The Kentucky senator's widely publicized appearance this month at the South by Southwest festival at Austin, Texas, was one opportunity he used to appeal
to a tech-savvy audience. His particular blend of ideas -- a combination of libertarianism and Republican conservatism -- stands out from the rest of the pack. Younger Republicans, the much-desired millennial vote, seem attracted
by what they are hearing.
What accounts for his appeal? In an era when so many Americans seem frustrated with shallow, personality-based politics, there seems to be genuine interest in a candidate who is fighting for a set of ideas. For many disaffected younger Republicans, Paul offers a version of the conservative agenda that seems foreign to the modern GOP.
For almost half a century, "big government conservatism" has ruled the party. Although conservatism is theoretically about limited government, the historical reality has been much different. On national defense, the hawks of the GOP have been victorious.
Even while railing against the dangers of a big federal government, Republicans have lined up to support higher defense spending and a massive military-industrial complex. Though the GOP has little tolerance for many social safety net programs, the party has accepted sizable government support to industry, such as the financial bailout known as TARP in 2008 and subsidies for certain economic interests.
Paul has been a vocal critic of the neoconservative turn that the GOP has embraced in recent decades, during which the party moved beyond support for high national security spending and toward a bolder vision of aggressive nation-building and regime change.
For some Republicans, including Paul, these policies were at the heart of the failures of George W. Bush's presidency and a sharp departure from the party's principles. Similarly, Paul has been one of the few Republican voices to argue that post 9/11 surveillance policies have dangerously curtailed civil liberties. At the local level, he has criticized the militarization of police forces and the treatment of African Americans by law enforcement officers.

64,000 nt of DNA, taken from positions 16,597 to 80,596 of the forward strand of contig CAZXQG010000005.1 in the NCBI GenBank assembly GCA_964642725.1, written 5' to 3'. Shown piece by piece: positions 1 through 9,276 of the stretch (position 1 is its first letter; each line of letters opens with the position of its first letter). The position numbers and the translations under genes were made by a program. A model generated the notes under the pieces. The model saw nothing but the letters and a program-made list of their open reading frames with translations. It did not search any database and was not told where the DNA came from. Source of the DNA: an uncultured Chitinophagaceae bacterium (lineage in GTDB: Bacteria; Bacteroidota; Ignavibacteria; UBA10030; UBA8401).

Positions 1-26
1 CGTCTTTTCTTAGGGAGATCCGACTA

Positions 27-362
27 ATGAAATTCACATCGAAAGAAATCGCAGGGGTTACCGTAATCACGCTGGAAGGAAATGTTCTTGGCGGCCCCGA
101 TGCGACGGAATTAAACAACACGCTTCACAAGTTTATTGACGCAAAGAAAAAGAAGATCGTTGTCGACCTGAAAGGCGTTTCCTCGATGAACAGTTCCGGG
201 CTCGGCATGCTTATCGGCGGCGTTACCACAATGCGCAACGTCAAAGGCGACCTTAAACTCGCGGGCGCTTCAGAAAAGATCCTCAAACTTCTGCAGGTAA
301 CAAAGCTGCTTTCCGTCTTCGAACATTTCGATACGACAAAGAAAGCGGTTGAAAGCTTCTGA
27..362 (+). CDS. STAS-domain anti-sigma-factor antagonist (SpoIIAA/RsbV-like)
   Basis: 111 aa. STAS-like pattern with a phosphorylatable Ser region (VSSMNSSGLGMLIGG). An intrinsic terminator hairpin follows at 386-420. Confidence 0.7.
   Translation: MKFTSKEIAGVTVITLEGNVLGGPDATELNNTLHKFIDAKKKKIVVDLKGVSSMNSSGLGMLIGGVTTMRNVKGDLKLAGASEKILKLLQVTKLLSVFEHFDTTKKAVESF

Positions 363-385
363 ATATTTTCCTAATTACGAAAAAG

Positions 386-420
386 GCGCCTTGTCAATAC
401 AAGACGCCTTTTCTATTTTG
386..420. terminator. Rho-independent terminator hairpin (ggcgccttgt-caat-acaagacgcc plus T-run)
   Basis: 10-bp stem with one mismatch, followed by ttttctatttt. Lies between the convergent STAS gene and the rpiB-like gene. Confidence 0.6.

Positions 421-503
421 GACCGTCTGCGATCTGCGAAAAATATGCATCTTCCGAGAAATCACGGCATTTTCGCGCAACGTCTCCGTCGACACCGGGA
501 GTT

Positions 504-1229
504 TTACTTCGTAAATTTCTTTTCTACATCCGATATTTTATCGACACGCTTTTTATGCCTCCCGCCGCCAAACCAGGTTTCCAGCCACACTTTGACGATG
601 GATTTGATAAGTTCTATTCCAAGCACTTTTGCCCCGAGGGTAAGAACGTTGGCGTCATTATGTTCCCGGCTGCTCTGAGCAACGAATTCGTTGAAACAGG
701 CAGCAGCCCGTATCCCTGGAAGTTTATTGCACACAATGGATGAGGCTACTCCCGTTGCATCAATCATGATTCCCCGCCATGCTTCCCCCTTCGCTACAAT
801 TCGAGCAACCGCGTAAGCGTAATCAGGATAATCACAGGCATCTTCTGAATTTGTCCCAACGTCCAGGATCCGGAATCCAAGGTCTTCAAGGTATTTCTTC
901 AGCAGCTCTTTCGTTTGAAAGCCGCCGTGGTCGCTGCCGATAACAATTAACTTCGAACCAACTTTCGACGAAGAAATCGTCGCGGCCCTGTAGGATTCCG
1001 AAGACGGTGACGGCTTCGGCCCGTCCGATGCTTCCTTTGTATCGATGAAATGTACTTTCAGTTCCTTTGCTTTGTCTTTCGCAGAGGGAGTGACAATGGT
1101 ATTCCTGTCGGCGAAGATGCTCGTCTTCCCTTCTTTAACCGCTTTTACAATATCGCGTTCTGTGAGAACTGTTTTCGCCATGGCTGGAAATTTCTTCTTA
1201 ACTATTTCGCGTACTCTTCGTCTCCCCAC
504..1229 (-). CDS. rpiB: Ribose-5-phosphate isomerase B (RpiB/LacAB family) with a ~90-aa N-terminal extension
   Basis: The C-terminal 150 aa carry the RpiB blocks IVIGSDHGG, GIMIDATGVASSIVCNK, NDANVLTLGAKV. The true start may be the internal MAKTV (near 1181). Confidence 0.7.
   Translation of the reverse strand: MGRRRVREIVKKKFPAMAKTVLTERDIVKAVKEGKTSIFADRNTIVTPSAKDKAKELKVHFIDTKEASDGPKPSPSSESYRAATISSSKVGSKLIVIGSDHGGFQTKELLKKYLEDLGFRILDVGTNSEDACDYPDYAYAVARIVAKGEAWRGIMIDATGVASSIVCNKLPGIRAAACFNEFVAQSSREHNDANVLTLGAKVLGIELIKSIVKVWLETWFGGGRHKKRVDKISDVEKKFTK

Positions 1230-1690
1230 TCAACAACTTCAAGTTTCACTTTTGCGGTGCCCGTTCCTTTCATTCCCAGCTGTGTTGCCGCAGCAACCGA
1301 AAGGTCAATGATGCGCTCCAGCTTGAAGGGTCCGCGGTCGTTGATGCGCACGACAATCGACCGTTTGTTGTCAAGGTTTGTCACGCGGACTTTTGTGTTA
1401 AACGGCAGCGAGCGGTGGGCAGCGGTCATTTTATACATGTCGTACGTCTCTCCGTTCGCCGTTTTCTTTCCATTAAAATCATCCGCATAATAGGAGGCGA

Paul has also backed away from some tenets of social conservatism that don't sit well with a growing number of Republican voters. He has been an outspoken advocate of giving states the right to legalize marijuana. He has been attuned to the ways in which younger generations of Republicans are not on board with the evangelical fervor of the 1970s conservative movement and want to move in a different direction.
While many Republicans have talked about the need for their party to tackle issues involving race and inequality in ways that are different from Democrats, most have been unwilling to offer any substantive ideas. Indeed, the recent budget blueprint from congressional Republicans exposed how thin discussions of a Republican anti-poverty program are.
Their budget centers around cuts to key social safety net programs such as Medicare and regressive supply side tax cuts. But Paul, who has appeared to be supportive of a stringent budget, has also been willing to put forward bolder ideas, including criminal justice reform, that deal directly with the conditions that have devastated African American communities.
Can Paul really win? That is unclear. Republican strategist Matthew Dowd
told The New York Times: "It's one thing to be interesting; it's another thing to be compelling. They've got to see him sitting in the Oval Office. And I do not think Rand has crossed that threshold yet."
There are many skeptics who don't think that he has what it takes and that he has a controversial record. Paul's extremely critical remarks
about key aspects of the Civil Rights Act of 1964 will certainly come back to bite him, as will some of his blistering attacks on the Federal Reserve.
Paul is also trying to make the case for a libertarian conservatism that is not pure. Paul is still a Republican, so he will continue to fit his ideas within the broader agenda of the GOP. He is also a politician at heart and will make compromises that he believes are essential to survive.
While Paul argues that he is trying to take some of the ideas that libertarians liked about his father and make them politically viable, some of his supporters smell a sellout. Arguably, we have seen this recently when he signed the controversial letter to Iran led by Sen. Tom Cotton of Arkansas (a neoconservative mentored by the hawkish Bill Kristol), switched his approach to the issue of same-sex marriage
and gave support to an aggressive war against ISIS.
"This is more than a flip-flop. This is a backflip," the editor
of an anti-war website told the Daily Beast. "This was the last straw. I've put up with a lot from that guy! I've had to defend him like a Jesuit. I'm done. Let somebody else do it."
But if Rand Paul can sell primary voters that his blend of ideas still offers something distinct from the rest of the Republican candidates, at a minimum he can help reshape the debate within the GOP by raising questions about some of the party's core positions.